A DAY OF OY VAY!
“13” AT MARK TAPER FORUM
What a bang-up way for the 2007 theatre season to begin! The world premiere of Jason Robert Brown’s“13” was a superb event indeed for Los Angeles, and the show is a good contender for future glory in those greener theatrical climes on our other coast. Hopefully, this auspicious beginning will be only the first stop in a upwardly mobile Drowsy Chaperone-y journey for this appealing new work, from its first burst onto the Mark Taper stage right up to Tony Award night in 2008.
Above everything that deserves praise here, there’s first and foremost the brightly infectious score by Brown, who seems to continuously make the bravest of professional choices for someone in his particular stage of flirtation with great fame and renown: he reinvents his work completely with each new chapter of his career evolution—and hey, that approach did wonders for Johnny Depp, right?
With a cast and band made up of some of the most talented teenagers you’ll ever see performing on one stage, “13” is the story of Evan (Ricky Ashley), a 13-year-old Jewish kid from New York City—after the traumatic separation of his parents—is transplanted to suburban Appleton, Indiana. Soon to have his bar mitzvah in this strange new environment with only his mother and the rented rabbi they found online as guaranteed attendees, Evan goes on a woebegone and challenging quest to get the cool kids he barely knows from his classes at Dan Quayle Junior High to show up and hear him read backwards.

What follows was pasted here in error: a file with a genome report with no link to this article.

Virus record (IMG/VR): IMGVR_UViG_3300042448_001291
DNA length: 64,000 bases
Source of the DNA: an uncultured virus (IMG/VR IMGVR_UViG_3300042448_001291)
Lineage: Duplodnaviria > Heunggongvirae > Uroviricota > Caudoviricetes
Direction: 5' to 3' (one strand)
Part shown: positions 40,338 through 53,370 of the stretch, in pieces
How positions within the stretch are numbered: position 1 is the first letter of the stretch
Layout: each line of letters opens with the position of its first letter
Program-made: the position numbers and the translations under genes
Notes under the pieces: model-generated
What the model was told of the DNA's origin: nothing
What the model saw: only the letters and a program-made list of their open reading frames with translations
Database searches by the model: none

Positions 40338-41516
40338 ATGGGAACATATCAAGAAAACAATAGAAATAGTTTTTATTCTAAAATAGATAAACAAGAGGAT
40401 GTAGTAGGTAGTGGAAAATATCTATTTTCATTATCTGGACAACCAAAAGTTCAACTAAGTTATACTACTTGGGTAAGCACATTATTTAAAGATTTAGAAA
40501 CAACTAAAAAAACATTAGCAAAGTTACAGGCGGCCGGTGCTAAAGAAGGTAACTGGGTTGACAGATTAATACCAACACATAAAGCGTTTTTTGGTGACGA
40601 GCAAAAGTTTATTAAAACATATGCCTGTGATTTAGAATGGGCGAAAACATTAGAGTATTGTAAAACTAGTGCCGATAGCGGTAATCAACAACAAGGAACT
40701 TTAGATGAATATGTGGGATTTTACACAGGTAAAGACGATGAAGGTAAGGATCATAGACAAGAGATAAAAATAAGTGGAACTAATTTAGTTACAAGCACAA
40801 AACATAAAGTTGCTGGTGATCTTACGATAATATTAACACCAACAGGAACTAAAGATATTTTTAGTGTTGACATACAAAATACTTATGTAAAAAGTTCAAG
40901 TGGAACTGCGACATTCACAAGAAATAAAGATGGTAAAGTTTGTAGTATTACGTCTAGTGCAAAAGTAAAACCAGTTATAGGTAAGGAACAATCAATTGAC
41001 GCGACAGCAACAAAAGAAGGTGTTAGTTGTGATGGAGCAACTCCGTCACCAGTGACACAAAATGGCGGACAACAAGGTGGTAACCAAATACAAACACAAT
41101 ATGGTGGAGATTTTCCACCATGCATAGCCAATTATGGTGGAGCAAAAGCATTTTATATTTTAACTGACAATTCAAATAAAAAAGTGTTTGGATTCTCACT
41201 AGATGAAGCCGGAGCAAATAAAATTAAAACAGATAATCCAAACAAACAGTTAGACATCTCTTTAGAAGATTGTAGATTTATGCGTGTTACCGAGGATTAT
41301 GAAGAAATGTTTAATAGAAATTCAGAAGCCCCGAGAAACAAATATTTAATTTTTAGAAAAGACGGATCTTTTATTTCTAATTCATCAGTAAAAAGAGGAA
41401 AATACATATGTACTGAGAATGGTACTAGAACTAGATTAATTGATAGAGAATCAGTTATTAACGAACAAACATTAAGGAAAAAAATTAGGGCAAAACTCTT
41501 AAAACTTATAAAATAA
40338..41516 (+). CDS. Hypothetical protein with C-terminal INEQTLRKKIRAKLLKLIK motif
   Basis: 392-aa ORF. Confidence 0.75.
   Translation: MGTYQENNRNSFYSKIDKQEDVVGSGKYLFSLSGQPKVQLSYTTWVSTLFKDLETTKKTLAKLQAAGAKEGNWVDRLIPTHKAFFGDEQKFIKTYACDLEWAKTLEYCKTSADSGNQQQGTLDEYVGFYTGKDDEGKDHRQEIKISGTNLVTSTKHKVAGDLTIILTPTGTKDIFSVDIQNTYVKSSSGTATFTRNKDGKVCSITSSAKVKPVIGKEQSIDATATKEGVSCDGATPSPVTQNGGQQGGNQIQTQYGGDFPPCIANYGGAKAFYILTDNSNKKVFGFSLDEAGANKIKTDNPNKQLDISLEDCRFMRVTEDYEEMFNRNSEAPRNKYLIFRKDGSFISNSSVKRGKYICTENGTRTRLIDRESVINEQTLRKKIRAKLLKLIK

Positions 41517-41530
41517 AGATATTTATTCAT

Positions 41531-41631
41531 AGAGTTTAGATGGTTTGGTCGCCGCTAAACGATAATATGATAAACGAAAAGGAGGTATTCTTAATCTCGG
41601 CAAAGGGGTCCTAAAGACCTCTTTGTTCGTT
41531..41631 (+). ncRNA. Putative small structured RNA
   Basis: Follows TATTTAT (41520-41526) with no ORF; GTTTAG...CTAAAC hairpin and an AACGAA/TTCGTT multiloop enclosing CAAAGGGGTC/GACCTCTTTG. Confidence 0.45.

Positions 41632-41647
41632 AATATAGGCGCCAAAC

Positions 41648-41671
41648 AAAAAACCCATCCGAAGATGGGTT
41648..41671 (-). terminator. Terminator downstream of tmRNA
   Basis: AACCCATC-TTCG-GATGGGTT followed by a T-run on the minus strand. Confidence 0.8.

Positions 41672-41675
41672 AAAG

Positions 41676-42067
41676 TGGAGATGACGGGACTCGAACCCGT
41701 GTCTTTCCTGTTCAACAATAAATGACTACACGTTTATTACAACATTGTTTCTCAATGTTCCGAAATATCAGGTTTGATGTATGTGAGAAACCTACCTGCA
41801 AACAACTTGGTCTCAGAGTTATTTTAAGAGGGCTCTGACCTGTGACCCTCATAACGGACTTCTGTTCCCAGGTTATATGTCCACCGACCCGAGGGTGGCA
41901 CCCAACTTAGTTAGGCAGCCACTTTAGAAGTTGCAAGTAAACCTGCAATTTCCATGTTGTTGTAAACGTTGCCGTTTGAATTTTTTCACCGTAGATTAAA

Oddly, although Brown’s lyrics are as fresh and crisp and fascinating as his music, Dan Elish’s book for “13” at first seemed a little too Saved by the Bell, only buoyed for the first half hour or so by Brown’s score, Michele Lynch’s striking and whimsically youthful choreography, CTG’s always first class production values, and the incredibly potent and explosive talents of the 13 dazzling kids who energize the show. But Elish’s characters grow on you as they develop, as the writer craftily, stealthily segues from Ferris Bueller to Lanford Wilson. Evan wins friends, loses friends, recovers friends, and by the time he gives his heartfelt bar mitzvah speech, there isn’t a dry eye in the house.
Lynch, our town’s best musical director, David O, and director Todd Graff should be lauded for so deftly managing to corral and brilliantly pilot this amazing cast of potential child stars, graciously letting the kids’ talents be the primary focus of their efforts. Ashley is totally believable and sweetly endearing as Evan, as are Sara Neimietz as the traditional loyal plain girl he should be inviting to the party, Tyler Mann as the disabled neighbor who goes to all lengths of manipulation to get his way, and Emma Degerstedt as the maybe-not-so-bubbleheaded blonde cheerleader whose first tonguing everyone is obsessed on plotting.
Nope, the cast couldn’t be better chosen or guided, with Evan’s gangly still testosterone-challenged (give them a minute here, folks) posse of four—Ryan Ogburn, Ellington Ratliff, Christian Vandal, and especially the athletically unstoppable Seth Zibalese—offering some of the evening’s most impressive musical moments, and there also must be special mention made of O’s dynamic all-teen band, with the particularly impressive Chris Raymond wailing a knockout guitar solo.
It’s way early to predict what’s in store for LA theatre in 2007 since this is literally the first opening of the season, but if this bunch of gifted munchkins doesn’t win honors as the ensemble cast of the year by award time a year from now, I’ll eat my presskit. And that goes double for Jason Robert Brown’s innovative, charming, and most hum-able score. If the rest of 2007 ends up as exciting as “13,” we’re off to a remarkable start.
The Mark Taper Forum is located at 135 N. Grand Av. in the LA Music Center; for tickets, call (213) 628-2772.